The viral pandemic’s resurgence caused the number of Americans seeking unemployment benefits to rise last week for the first time in nearly four months, evidence of the deepening economic pain the outbreak is causing.
The increase in weekly jobless claims to 1.4 million served to underscore the outsize role the unemployment insurance system is playing among the nation’s safety net programs — just when a US$600 weekly federal aid payment for the jobless is set to expire at the end of this week.
Last week’s pace of unemployment applications — the 18th straight time it’s topped one million — was up from 1.3 million the previous week. Before the pandemic, applications had never exceeded 700,000. An additional 975,000 applied last week for jobless aid under a separate program that has made self-employed and gig workers eligible for the first time.
The weakening of the labour market has raised fears that the economy will shed jobs again in July, after two sharp hiring gains in May and June, and derail prospects for a recovery from the recession.
The government also said Thursday that the total number of people receiving jobless benefits fell 1.1 million to 16.2 million. That was a hopeful sign that even as layoffs remain persistently high, some companies are recalling workers. Yet that figure is still roughly 10 times what it was before the pandemic.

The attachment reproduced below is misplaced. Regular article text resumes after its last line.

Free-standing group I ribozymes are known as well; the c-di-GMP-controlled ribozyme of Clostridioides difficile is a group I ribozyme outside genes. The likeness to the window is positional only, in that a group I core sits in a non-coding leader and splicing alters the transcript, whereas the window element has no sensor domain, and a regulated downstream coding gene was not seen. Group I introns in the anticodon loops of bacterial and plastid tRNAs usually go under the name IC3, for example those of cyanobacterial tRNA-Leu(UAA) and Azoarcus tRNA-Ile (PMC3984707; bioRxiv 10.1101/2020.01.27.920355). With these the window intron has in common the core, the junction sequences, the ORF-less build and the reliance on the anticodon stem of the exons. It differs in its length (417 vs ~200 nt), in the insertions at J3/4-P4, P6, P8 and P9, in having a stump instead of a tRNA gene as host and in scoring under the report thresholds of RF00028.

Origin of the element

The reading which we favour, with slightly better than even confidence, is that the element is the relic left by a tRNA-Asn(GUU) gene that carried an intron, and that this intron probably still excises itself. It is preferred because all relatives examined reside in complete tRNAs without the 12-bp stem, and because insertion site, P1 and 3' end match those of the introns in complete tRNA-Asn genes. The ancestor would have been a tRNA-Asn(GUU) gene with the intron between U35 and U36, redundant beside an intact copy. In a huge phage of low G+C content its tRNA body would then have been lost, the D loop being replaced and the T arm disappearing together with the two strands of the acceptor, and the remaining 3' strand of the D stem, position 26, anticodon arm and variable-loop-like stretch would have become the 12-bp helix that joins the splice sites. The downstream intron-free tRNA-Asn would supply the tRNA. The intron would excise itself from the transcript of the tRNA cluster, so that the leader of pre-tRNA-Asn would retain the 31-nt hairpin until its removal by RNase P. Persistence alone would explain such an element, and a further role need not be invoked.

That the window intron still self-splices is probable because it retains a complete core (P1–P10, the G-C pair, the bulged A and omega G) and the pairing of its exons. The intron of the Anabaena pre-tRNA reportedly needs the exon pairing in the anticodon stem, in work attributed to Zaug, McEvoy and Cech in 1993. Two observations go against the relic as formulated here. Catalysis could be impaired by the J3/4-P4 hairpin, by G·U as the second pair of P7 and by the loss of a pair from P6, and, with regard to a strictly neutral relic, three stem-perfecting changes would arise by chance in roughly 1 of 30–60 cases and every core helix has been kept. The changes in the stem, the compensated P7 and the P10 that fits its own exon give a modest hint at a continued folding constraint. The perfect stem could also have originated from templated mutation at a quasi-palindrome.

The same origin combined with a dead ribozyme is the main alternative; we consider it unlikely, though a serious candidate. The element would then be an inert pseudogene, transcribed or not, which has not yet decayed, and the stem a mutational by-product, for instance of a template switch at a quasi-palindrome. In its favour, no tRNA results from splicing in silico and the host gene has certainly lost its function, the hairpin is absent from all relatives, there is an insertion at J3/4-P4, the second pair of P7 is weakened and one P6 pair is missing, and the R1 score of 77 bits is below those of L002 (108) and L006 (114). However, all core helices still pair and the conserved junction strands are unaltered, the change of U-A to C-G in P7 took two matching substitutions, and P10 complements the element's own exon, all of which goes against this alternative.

The painfully high number of layoffs reflects a pandemic that’s causing both confirmed infections and deaths to rise nationally. Laboratories are buckling under a surge of coronavirus tests, creating processing delays that are undercutting the pandemic response. With the US tally of confirmed infections nearing four million and deaths above 143,000, some workers are being kept off the job while awaiting test results. Analysts say the economy can’t improve until authorities can control the spread of the virus, a need that is complicating the reopening of businesses and schools.